Pushing for more conversation on degendering restrooms

The Bates Student interviews Cash Huynh ‘18 and Maddy Smith ‘20.

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Students push for gender neutral bathrooms. MADDY SMITH/THE BATES STUDENT

Students push for gender neutral bathrooms in order to spark conversation on campus. MADDY SMITH/THE BATES STUDENT

On Sunday March 26, I sat down with Cash Huynh ‘18 and Maddy Smith ‘20 to talk about their latest action on campus. Huynh, a Women and Gender Studies and AVC double major, is primarily responsible for mobilizing this action and pushing for more conversations on degendering restrooms on campus. Smith is intending to be an Environmental Science major and assisted Cash in this action by doing photography and taking on general coordination.

Two weeks ago, on Sunday March 12, Huynh and Smith, along with a group of ten students, dedicated their time to post signs that said “Toilet: This Bathroom is for Individuals of Any Gender” over gender designation signs in every bathroom in every academic building. In the stalls, they also posted flyers that included what the action is about as well as contact information.

When asked what inspired them to start this action on campus, Huynh replied, “Initially what really pushed me to put together this action was because as somebody who doesn’t identify as either woman or male, there are no facilities on campus that really allow me to express my gender in a way that makes me feel comfortable. So I had to socialize myself as either a man or a woman to really accommodate the comfort of the school. And what really solidified my push for this was after Trump’s administration on revoking some of the guaranteed protections under Title IX for transgendered youth, and trying to see if there was any way for us to juxtapose what is happening on campus to what’s happening nationally, to show our solidarity and support for trans youth through the nation.”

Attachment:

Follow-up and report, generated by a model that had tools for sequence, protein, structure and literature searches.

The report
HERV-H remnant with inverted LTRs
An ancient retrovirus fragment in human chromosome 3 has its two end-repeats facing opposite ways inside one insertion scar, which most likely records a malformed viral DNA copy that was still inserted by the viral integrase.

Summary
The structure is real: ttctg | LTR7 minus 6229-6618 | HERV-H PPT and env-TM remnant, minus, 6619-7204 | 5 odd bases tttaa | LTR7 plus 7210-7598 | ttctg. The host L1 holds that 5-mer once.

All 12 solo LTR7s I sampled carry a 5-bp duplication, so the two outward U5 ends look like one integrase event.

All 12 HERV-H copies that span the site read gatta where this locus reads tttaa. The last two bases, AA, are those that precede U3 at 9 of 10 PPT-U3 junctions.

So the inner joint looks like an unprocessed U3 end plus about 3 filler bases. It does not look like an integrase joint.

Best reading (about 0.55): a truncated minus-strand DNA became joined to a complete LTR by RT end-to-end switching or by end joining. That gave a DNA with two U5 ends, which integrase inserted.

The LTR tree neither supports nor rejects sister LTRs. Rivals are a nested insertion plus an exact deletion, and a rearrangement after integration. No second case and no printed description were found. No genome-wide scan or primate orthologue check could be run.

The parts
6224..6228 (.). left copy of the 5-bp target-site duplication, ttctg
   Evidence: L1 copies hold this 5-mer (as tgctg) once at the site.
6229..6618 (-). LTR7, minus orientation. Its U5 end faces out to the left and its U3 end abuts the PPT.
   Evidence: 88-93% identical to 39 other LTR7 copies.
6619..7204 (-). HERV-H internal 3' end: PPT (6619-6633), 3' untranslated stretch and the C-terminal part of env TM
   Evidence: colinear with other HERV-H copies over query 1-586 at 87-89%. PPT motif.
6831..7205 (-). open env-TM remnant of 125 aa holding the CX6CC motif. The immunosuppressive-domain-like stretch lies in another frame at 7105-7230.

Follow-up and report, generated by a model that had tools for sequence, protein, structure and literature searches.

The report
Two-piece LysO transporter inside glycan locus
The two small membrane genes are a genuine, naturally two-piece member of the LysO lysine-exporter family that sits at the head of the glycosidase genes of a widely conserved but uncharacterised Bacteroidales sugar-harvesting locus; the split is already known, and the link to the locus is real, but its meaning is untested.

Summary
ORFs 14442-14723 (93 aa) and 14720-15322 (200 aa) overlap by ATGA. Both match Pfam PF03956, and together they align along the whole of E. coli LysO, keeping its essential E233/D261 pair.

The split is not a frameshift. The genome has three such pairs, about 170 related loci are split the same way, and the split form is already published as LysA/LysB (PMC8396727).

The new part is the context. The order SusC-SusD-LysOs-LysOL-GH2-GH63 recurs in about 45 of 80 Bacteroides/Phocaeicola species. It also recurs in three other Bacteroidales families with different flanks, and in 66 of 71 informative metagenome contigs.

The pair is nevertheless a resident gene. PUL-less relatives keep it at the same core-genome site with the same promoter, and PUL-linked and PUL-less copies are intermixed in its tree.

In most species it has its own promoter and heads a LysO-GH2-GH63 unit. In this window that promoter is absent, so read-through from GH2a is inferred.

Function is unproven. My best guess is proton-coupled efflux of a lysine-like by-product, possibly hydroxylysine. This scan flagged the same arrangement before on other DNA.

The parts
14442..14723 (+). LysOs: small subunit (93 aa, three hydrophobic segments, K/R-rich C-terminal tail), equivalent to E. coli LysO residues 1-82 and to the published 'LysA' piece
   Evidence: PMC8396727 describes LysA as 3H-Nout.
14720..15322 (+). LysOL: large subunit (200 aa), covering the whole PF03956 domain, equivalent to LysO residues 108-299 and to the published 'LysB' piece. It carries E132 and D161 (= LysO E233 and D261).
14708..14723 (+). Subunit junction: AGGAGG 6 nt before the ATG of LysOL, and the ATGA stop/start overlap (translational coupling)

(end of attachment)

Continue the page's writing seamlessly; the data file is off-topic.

The Title IX amendment has been a source of national debate as of late. It was included in a number of amendments signed into law in 1972, by President Reagan, called the Education Amendments of 1972. Title IX was intended to prohibit any form of sexual discrimination in educational facilities that receive federal funding. The Obama Administration extended Title IX in order to prohibit any form of discrimination based on gender-identity in educational programs and sports. In 2017, the US Secretary of Education, Betsy DeVos, and the Trump administration issued a new set of guidelines that rescind these Obama-era protections. In effect, they leave it up to the states to decide whether or not to allow transgender or non-binary students to use the bathrooms and locker rooms that correspond with their gender identity. In places such as North Carolina, Texas, New Hampshire and Colorado, state legislatures have considered requiring transgender and non-binary students to use facilities corresponding to the sex on their birth certificates.